November 7, 2012

Eye-Tracking Technology Is the Future

John Hewitt, ExtremeTech


Fruit Ninja, a popular mobile game, requires split-second discrimination to obliterate fruit while avoiding the occasional bomb. It’s designed to be played on a touchscreen device or with Kinect hand movements, but playing it with your eyes alone is as exhilarating as it is revealing. If the hand is like an engine that idles at 600 RPM and can reach redline at 6000 RPM, one might liken the eye to a turbine idling at 20,000 RPM that can spool to 100,000 and back in milliseconds.

Read Full Article ››

TAGGED: technology


November 1, 2012
The Weird Science of Tracking the Dead
Lessley Anderson, The Verge
On a warm night in the winemaking town of Sonoma, California, the slightly moldy smell of eucalyptus trees hangs heavy in the air. Amidst the rustic stone buildings and tidy gravel pathways of the historic Buena Vista Winery,... more ››
November 1, 2012
This Year, Tech Gift Ideas in Triplicate
David Pogue, New York Times
Hollywood studios try to avoid opening big movies on the same weekend, to avoid diluting the buzz and the press coverage. “Oh, no — we can’t open that day,” one might say. “ ‘Titanic II:... more ››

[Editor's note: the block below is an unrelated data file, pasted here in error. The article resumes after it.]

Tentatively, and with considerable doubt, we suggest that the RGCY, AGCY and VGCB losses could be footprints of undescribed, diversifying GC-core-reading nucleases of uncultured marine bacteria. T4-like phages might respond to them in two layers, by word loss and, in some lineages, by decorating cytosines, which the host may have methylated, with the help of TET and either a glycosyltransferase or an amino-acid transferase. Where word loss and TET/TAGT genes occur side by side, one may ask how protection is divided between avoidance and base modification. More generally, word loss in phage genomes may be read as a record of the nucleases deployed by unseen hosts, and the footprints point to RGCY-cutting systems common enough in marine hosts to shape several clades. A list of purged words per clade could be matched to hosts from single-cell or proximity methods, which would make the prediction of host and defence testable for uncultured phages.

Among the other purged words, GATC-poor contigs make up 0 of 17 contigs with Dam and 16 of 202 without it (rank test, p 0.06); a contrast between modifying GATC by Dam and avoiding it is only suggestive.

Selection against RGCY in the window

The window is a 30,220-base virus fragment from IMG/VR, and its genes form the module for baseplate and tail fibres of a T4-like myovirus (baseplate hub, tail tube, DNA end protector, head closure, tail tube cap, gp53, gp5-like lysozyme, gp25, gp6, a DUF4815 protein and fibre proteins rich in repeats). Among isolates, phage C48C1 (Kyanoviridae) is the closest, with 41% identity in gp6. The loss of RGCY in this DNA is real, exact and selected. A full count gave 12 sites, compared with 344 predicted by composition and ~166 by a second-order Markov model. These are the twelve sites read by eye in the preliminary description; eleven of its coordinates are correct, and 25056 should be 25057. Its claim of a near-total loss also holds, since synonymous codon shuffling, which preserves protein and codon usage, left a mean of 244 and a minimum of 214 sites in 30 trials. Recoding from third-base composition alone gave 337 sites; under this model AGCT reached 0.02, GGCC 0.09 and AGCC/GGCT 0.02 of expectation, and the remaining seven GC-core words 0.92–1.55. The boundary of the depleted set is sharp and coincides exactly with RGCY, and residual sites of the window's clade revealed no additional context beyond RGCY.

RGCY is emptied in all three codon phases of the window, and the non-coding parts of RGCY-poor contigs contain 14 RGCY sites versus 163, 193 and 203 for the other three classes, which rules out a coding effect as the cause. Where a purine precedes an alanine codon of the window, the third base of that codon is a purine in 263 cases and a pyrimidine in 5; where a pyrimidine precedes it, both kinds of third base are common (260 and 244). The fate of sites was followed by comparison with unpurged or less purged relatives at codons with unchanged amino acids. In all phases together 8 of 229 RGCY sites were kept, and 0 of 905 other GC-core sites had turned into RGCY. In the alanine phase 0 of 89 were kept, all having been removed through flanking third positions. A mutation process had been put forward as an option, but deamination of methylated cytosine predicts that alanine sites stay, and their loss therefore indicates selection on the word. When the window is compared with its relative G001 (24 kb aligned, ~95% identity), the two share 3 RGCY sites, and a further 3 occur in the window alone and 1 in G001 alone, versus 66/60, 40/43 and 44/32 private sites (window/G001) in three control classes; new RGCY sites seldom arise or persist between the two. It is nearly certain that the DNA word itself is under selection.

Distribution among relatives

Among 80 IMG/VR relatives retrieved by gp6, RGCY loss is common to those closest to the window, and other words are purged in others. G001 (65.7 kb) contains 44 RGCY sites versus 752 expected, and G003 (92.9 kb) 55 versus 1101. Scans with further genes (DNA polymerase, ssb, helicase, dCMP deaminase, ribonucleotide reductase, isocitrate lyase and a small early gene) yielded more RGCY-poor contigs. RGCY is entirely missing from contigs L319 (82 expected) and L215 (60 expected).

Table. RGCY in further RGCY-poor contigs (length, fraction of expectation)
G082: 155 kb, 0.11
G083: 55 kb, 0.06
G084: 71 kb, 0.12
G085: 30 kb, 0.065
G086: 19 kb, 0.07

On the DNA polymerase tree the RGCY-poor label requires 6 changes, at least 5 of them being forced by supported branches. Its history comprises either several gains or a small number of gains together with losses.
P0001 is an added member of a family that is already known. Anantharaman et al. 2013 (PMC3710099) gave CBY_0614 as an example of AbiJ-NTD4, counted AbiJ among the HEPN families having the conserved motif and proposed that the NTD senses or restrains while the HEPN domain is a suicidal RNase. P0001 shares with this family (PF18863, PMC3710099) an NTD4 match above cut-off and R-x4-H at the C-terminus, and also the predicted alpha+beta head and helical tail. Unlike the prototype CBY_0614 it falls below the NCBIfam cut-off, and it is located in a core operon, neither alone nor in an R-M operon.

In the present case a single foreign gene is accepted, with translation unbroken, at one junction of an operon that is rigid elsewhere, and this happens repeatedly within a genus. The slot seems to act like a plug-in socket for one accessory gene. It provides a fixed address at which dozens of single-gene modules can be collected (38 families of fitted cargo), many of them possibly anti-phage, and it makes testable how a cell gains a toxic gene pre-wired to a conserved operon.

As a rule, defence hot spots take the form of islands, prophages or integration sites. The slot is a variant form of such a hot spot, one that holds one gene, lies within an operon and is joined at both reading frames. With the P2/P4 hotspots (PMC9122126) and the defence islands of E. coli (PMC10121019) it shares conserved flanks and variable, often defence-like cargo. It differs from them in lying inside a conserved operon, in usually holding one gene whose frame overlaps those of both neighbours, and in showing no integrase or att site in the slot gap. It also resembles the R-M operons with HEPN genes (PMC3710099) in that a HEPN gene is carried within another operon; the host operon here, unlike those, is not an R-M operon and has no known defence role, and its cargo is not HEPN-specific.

October 31, 2012
The Tech Industry Created a Reading Revolution
Grant Brunner, ExTech
Reading has truly seen a big change in the last few years. With high-definition video, hyper-real video games, and high-quality audio so readily available, it is a little counter-intuitive that boring old books, and the... more ››
October 31, 2012
Tech World Must Get Involved in Government
Ron Conway, TechCrunch
As the tech industry continues to grow its footprint in San Francisco, its leaders have a responsibility to help improve the city for all of its residents. The tech sector is uniquely qualified to give back and invest in our... more ››
October 31, 2012
How to Delete Regrettable Internet Posts
Simson Garfinkel, Tech Review
It might seem that the Internet doesn’t lose track of anything that has been published online. The alleged permanence of tweets, blogs, snapshots, and instant messages worries many privacy activists and policymakers such as... more ››